Ronald E. Thompson
created on 7/27/97
The one I made is 2" ID scrap pipe 10' tall and 10' wide. The "feet" are 6' long. It is suprisingly strong and, if used correctly, can lift several thousand pounds. It can be used for a variety of things from loading trucks to pulling engines. I originally built mine to load, unload, and position a sawmill.
You can hang a hoist from a chain looped over
the cross bar for most lighter lifting jobs. Used like this the
top bar takes the weight. For extra heavy use, loop a chain
around the top sockets on either side, and hang the hoist from
this chain. This allows the top bar to act as a spreader instead
of carrying the load. It is much stronger this way. Several
hoists can be hung along the chain, giving you control over the
lift as well as making better use of the strength of the frame.
Note: NEVER GET BELOW AN OBJECT WHEN IT IS ON A HOIST!
A. Stop pin. 1/2" or larger rebar or bolt. 2 required.
B. Top Socket. 2 1/2" ID pipe 6" long. 2 required.
C. Cross bar. 2" ID pipe 10' long.
D. Upright or Leg. 2" ID pipe 10' long. 2 required.
E. Bottom Socket. 2 1/2" ID pipe 12" long. 2 required.
F. Bottom socket support. 2 pieces of 1" X 1" X 1/4" angle iron edge welded to form a C channel 12 " long. 2 required. ( 4 pieces of angle. )
G. Foot. 2" ID pipe 6' long.
Weld every place that is touching in the parts diagram. Part A, the stop pin, is set in holes and welded. If you just put this on top and weld, it will not be as strong. Part C, the cross bar, is placed at the lower part of part B, The top socket, to allow a chain to be wrapped around the top sockets for heavy lifting.
There are no pins in the joints to allow easy movement and erecting, and none are needed.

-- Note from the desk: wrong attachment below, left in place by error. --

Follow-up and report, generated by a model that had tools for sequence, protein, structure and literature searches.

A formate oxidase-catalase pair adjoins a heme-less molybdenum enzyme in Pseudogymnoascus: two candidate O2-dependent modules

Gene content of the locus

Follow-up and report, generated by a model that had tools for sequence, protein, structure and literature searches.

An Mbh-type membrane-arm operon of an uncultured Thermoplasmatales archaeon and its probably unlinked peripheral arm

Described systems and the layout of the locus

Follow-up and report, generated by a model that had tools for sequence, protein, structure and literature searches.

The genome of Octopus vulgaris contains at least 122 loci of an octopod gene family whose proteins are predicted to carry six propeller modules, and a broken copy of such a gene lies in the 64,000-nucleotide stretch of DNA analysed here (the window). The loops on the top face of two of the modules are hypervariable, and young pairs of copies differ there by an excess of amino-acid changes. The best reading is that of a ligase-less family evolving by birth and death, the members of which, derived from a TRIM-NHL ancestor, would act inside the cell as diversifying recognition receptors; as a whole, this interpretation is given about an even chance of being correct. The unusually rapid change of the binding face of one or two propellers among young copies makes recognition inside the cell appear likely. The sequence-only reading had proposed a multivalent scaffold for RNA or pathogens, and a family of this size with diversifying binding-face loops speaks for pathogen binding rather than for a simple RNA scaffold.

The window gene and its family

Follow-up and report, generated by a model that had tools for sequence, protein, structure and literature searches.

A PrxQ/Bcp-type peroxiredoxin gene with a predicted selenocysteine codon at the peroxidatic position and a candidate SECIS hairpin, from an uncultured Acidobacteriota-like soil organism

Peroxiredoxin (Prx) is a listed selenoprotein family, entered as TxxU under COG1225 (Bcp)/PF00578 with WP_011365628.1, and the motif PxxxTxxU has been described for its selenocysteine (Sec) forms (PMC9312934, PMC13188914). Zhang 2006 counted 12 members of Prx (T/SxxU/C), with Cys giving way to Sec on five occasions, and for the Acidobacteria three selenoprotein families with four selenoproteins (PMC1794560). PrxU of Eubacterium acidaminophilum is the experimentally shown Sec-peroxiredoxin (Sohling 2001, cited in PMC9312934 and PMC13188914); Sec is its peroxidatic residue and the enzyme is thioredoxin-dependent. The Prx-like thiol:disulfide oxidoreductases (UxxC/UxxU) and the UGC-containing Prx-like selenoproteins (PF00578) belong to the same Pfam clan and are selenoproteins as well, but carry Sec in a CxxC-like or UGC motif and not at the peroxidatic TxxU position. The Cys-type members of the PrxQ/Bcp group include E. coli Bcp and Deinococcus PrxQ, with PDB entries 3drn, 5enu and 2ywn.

To put it up:
To erect the frame, place all parts on the ground as in the drawing. Put the legs into the sockets, making sure they go in all the way. Wether you are using a short loop of chain around the cross bar, or a longer chain over the top sockets, now is a good time to put it on, unless you have a ladder handy. Drive some scrap pipe or angle iron into the ground below the feet to prevent the frame from sliding while being erected. Using a good rope or a chain, attach the loop of chain (on the top of the frame) to the rear of your vehicle. Propping the cross bar up on something 4 or 5' tall will make erecting easier. Pull the vehicle forward to raise the frame to an almost vertical position. Be careful not to pull too far! Pulling the frame past vertical will put a serious dent in your vehicle. Allow for the weight of the chain! It can pull it past vertical if you are not careful. With the frame almost vertical and supported by the vehicle, turn the feet so they support the frame. Remove the vehicle.
If the frame is not just where you want it, it can be moved by lifting the end of a foot slightly and dragging it into position. I like to use a crowbar or claw hammer for this, so I don't have to bend over as far. Move one side at a time until it is where you want it. Be careful not to move one side too far at a time and keep the feet turned to support the frame.
To take it down:
To knock down the frame, make sure the area is clear, turn the feet to the original position, give it a gentle push in the direction you want it to fall and get out of the way! It will fall to the ground and you can take it apart.
This all sounds more complicated than it is. After you use it once or twice you'll wonder how you got along without it.
Be careful. Rigging and lifting can be dangerous. But it is not beyond most do it yourselfers. As I have no control over the quality of your welds, the materials you choose, or anything else, I accept no resposibility for your use of this project. Mine is worth it's weight in gold to me. I hope you find this useful.
A special thanks to Ted Edwards, who kept a
copy of this after I had lost the original.
Ted made a smaller version of this hoist.
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